Startup Tier44 Gives Power Assure’s Tech a Second Chance

Clemens Pfeiffer’s new firm buys all of the defunct vendor’s IP

Yevgeniy Sverdlik

November 18, 2014

3 Min Read
Startup Tier44 Gives Power Assure’s Tech a Second Chance
IP acquisition includes technology that enables app mobility between data centers based on power availability, energy rates, or participation in utility demand response programs (Photo: Colleen Miller)

Clemens Pfeiffer, former CTO of Power Assure, the data center management software vendor that went out of business earlier this year, has founded a new data center startup called Tier44 Technologies, which has bought all intellectual property associated with Power Assure’s technology.

Power Assure was a forward-looking company with support from major investors, as well as the U.S. Department of Energy, but failed to raise enough funding to keep going. Pfeiffer plans to continue with a similar product portfolio but change the focus from energy savings to reliability.

Santa Clara, California-based Tier44 is not simply Power Assure with a different name. “It’s significantly different, because we own it,” Pfeiffer, the new firm’s president and CEO, said. “None of the investors are moving along.”

The data center startup was incorporated in October, and the deal to buy the intellectual property closed this week. It is currently funded by the founding team, but that will change going forward, he said.

The technology that has changed hands includes data center infrastructure management solution EM/4 and its more recent release EM/5, as well as the capability to move applications from one data center to another and adjust IT capacity based on power availability, cost, or participation in utility demand response programs.

Market Appetite for Energy Savings Underwhelming

Tier44 is changing the messaging from energy savings (which was Power Assure’s shtick) to reliability and IT automation because the market doesn’t care about energy savings that much, Pfeiffer explained. Power Assure’s leadership learned the hard way that energy savings alone wasn’t enough to convince data center decision makers to buy its products.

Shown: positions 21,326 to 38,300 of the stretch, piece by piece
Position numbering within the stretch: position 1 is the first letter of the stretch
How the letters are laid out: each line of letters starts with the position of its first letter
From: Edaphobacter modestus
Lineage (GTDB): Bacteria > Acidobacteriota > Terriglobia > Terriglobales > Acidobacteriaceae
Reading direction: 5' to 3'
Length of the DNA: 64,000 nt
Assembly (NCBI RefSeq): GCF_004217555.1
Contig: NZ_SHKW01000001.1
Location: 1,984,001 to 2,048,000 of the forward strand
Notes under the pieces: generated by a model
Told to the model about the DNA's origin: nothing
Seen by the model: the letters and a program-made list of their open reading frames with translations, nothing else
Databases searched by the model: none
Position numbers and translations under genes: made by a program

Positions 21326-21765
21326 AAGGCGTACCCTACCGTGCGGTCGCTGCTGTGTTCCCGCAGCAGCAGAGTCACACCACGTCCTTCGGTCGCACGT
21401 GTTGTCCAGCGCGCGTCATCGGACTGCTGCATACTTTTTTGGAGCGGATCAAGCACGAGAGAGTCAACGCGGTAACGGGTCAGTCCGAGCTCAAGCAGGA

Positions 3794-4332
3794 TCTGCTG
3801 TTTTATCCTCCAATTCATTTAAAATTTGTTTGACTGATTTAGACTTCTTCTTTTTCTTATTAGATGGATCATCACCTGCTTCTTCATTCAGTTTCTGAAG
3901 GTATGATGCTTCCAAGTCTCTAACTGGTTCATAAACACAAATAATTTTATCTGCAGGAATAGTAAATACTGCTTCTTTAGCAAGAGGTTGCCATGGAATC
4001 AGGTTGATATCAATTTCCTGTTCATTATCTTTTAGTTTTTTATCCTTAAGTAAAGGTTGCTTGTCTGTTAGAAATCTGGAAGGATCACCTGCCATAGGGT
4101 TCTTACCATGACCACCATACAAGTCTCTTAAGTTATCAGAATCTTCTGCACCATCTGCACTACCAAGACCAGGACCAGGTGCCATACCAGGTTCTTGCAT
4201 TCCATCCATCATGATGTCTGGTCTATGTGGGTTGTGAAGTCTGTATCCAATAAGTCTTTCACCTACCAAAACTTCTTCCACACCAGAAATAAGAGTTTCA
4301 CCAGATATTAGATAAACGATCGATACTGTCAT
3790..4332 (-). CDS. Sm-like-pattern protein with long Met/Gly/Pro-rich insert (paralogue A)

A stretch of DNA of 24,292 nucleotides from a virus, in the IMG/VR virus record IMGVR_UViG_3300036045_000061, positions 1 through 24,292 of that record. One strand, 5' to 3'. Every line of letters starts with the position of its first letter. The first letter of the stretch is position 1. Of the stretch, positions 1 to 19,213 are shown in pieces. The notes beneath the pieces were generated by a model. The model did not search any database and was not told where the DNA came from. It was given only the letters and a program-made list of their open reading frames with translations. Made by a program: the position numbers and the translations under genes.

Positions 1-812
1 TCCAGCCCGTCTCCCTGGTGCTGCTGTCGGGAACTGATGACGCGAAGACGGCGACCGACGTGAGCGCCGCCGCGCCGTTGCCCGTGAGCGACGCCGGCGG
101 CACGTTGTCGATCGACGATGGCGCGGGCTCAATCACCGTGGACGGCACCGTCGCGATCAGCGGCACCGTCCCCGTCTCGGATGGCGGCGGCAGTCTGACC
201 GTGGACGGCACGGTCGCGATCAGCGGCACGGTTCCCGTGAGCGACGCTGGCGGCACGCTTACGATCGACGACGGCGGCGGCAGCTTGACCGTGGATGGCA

The message is reliability improvements funded by energy savings down the road, he said. “And then it’s all about commercialization at this point.”

At least for the time being, Tier44 is not going to develop any new technology. Pfeiffer believes that Power Assure was way ahead of the market when it started, but now, six years later, the market is finally catching up.

Reliability via App Mobility

Its software enables reliability by automating failover from one data center to another in case of an outage. It involves a complex procedure that takes into account everything, including servers, network, storage, power, and cooling in the two data centers.

The closest technology out there is VMware’s vMotion, Pfeiffer said, but it focuses on VMs, without the broad consideration of physical resources Tier44’s technology takes.

Details on Power Assure’s Dissolution Scant

Power Assure was founded in 2007, and Pfeiffer was a member of the founding team. It raised more than $30 million from a number of investors, including the Swiss industrial automation giant ABB, and received a $5 million grant from the Department of Energy for its energy saving capabilities.

Pfeiffer said he did not have any details about the reasons behind the company’s dissolution, other than its inability to raise enough money. He and two other former Power Assure employees who formed Tier44’s founding team were all laid off in August.

“The only thing we know is we were able to buy the IP assets,” he said.

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